video

in my hospital bed, refusing chemo. nurses come in and out and ask what's up and i keep saying, "everything's fine. but i'm not having any more chemo. i've had enough."

so my dad's here, backing me up, along with soraya, my sis-in-law, who is politely willing to go along with whatever idiotic thing i say. (this is where she's spending her birthday, poor thing)

basically, i'd like further testing before they shoot any more battery acid, dry cleaning fluid or steroids into my body. just spent a little time reading about the side effects - immediate and future - and i am freaked out.

steroids will, later in life, give me weak brittle bones. the chemo increases my chances of later cancers by 10%, the specific drugs i am getting can cause kidney tumors, leukemia and that's just the good stuff.

i've got mouth sores, candida, digestive issues, eyes are permanently red and swollen and the lashes are falling out.

and they all keep telling me i am the healthiest chemo patient they have!

i will keep you updated.

Friday, January 1, 2010

family-friendly comedy

video

my mum made a ton of lamb chops, salad, roast potatoes, tabouleh, pasta and a LOT of pie (especially for my brother) and we had a noisy, messy, happy relaxed new year's day dinner.

it was the perfect start to 2010. i wish i'd thought of that while it was happening.

in fact, i am amazed at how many really momentous events i've experienced while not really being there.

yes, as oprah or dr phil or one of those inspiring people would say, i was not "in the moment." i was dreading my chemo on monday - i swear my veins start hurting in advance. nerves start shorting out in my neck and head. i even feel a bit sick. also, i normally get my toxins on friday.

and i was also still winding down from my crazy hectic new year's eve.

made a huge number of mistakes. let sasha host a new year's eve party in the office. i asked her for all sorts of organizational details in advance - a guest list, someone to act as bouncer, a strict no-alcohol and no-smoking policy and only 15 people in the space at a time.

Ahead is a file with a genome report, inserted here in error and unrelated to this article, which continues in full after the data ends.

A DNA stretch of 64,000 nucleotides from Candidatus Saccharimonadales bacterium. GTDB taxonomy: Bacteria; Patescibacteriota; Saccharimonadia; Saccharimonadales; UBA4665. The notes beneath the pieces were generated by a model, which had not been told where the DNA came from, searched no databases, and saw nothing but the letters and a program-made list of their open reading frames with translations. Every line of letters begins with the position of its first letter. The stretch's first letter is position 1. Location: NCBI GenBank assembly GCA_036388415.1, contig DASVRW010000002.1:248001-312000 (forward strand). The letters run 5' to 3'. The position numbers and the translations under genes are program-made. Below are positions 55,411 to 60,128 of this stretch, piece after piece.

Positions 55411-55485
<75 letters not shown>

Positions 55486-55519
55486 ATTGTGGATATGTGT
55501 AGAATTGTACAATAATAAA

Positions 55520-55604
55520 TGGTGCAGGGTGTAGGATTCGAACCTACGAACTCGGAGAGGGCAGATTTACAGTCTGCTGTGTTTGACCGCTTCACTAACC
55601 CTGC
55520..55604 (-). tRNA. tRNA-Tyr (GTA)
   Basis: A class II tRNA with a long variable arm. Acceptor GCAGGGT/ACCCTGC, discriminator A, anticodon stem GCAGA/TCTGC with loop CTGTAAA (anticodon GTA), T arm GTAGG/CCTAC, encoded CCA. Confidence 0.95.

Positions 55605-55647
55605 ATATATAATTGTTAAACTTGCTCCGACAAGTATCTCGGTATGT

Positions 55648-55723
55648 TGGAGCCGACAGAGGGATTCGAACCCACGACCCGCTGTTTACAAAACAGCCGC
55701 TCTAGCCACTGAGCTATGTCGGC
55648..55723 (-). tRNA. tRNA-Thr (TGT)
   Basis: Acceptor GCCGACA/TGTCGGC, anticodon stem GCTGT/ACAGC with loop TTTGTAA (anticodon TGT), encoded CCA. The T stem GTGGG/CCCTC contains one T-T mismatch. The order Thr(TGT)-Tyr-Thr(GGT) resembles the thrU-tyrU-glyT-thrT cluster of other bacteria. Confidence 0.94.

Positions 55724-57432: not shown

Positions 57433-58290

of course, it all went out the window - the party had about 30 kids crammed in there by 10:30, with very little controls on who went in and out and 15 more out on the sidewalk smoking (at least, they weren't smoking inside) and drinking bottles of beer out of paperbags.

fortunately, my mum - having been a high school art teacher in her past - stepped up the pressure and kicked out a bunch of kids who weren't actually friends and told people off for drinking and by 1:30, we shut the party down.

next, zarina spent the night at a friend's house, where the mum had told me she would be home but it turned out she was not, her friends provided drinks and zarina ended up "sick" being picked up by dad after midnight.

thus the day today was spent with my ex calling/texting/emailing to tell me how i was too strict with my daughters thus driving them to drink and inequity

and zarina was texting to say how much she hated me.

and my mum telling me how i was so lax with them that she could guarantee they would all come to a sorry end and if only i had listened to her growing up, i wouldn't be such a loser.

and i found myself standing under the shower like i had this fall, thinking, "i just want to dissolve. i don't want to be here any more."

so i spent the rest of the day fighting with myself. trying to find something of value in my foggy melting soul that seemed worth saving because last time i wanted to check out, i got cancer.

perhaps i am a sucky mum - and i haven't worked in months so god knows if i'm any good at that - but i don't know if i want to be told it. i am good at battering my ego myself.

if i don't remember that there is something good about me in the world then i won't choose to be here.

i was worried sick about my daughters and searching for why i should still be here

and i missed the party all together.

except for the video.